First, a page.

Racing: Is Entrepreneur the business?

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The many Conservatives in the world of racing might feel that Entrepreneur will have extra difficulty making his mark in the 2,000 Guineas the day after the 1-6 favourites form the next government, but the market forces of which they are so fond suggest otherwise.

After a week in which the Classic trials launched some highflying, rather than cosmic talent, the horse who attracted most of the attention and nearly all the money was one who will not have his first race of the season until he lines up for the Guineas on 3 May. Entrepreneur, the Michael Stoute-trained stable companion of Thursday's Craven Stakes winner, Desert Story, and Saturday's Greenham Stakes winner, Yalaietanee, is now challenging for 2,000 favouritism at odds as low as 9-2.

David Hood, of William Hill, dispatched a hundredweight of hyperbole which caught the mood: "We have seen lorry-loads of money for Entrepreneur in the last 48 hours," he reported, "and we have had to trim him almost by the hour." From 8-1 to 9-2 during Saturday morning anyway.

"This week's big-race wins from Desert Story and Yalaietanee has led to Entrepreneur being backed off the boards simply by association."

Ian Wassell, of Ladbrokes, was more restrained. "The over-riding feature of the Classic trials has been the strong performance of Michael Stoute's colts and the huge confidence in Entrepreneur. The horse has fallen from 12-1 to 5-1 for the Guineas and 7-1 to 6-1 for the Derby without leaving his box."

Huge confidence is a phrase that Entrepreneur has grown up alongside. The most expensive purchase (jointly with fellow Derby hope Happy Valentine) at 600,000 guineas at the 1995 Tattersalls Houghton Sale, his reputation was such that when he made his racecourse debut last August it was at odds of 4-9. Defeated that day, he was still returned at 1-2 and 1-6 for his two subsequent successes in minor events at Kempton and Chester.

Despite those wins, the enthusiasm that has driven him to such a prominent position in the market for the 2,000 Guineas, just behind another who has achieved little on the racecourse, Shamikh, is based on talk. With that pair, and another trio that are prominent in 2,000 betting, Indiscreet, Musical Pursuit and Putra, all being reserved from racecourse action until the big day, the form book can perform only a perfunctory role in assessing the candidates' merits. What is required is a book of quotations.

The talking really started during Walter Swinburn's charitable walk across Ireland. "There won't be one leg of this walk when I'm not daydreaming about Entrepreneur," the colt's jockey said. "He's very special and has matured into a proper man of a horse. What's more Michael Stoute adores him too."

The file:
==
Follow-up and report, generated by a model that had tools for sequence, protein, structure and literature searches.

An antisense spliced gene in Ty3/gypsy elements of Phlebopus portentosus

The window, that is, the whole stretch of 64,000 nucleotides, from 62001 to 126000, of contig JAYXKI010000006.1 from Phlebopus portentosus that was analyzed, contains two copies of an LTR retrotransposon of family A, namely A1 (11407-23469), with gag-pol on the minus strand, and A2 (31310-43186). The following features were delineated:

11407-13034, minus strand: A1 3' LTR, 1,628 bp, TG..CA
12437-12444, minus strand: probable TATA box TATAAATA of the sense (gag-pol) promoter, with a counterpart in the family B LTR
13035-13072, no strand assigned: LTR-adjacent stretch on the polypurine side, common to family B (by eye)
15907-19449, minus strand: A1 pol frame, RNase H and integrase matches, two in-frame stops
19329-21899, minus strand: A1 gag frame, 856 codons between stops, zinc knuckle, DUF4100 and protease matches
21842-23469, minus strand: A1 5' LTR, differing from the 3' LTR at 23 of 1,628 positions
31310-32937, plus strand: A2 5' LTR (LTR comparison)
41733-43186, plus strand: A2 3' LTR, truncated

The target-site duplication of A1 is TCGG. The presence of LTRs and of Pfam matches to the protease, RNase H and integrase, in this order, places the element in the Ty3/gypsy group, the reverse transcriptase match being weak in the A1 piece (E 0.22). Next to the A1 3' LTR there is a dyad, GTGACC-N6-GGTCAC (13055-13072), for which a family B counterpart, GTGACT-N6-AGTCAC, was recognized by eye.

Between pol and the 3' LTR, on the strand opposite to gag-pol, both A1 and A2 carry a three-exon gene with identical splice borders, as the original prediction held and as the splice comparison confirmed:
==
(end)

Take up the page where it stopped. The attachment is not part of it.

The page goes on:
And Frankie Dettori it seems. "The word coming out of Michael Stoute's stable is that Entrepreneur is the stable's best three-year-old colt since Shergar," Dettori told the Racing Post on 17 March.

Dettori, though, will be the man on board the Godolphin runner, Shamikh, a top-priced 4-1 for Newmarket after the failure of fellow market-leader Revoque to hold Yalaietanee at Newbury on Saturday.

Shamikh's reputation started to soar in the month before the start of the Flat season when his price tumbled from 33-1 to 12-1 for the 2,000, despite having been off course with sore shins since his only, and successful, mission last June in the Chesham Stakes at Royal Ascot. His position was sealed when Sheikh Mohammed summoned reporters at the Dubai World Cup. "These are the five I will give you to follow," he said, putting Shamikh at the top of the list. "He is the one who has come through; we hope others will follow."

On 7 April, the trials took place in Dubai to decide which horses will be flown to Britain on 28 April. Shamikh worked with Bahamian Bounty, a dual Group One-race winner as a juvenile. "We don't want to start shouting from the rooftops," Simon Crisford, Godolphin's racing manager, said, "but it was a very solid piece of work, it really was."

The Entrepreneur camp struck back this week after their boy cantered at Newmarket. "He's the real thing. He does it so easy," Greville Starkey, the former jockey and now assistant to Stoute, said. "I think he would toy with the horse [Desert Story] that won this afternoon."

So now we know. Based on the compliment count, I calculate that Entrepreneur will have a length and threequarters to spare over Shamikh when they meet on 3 May and the talking stops.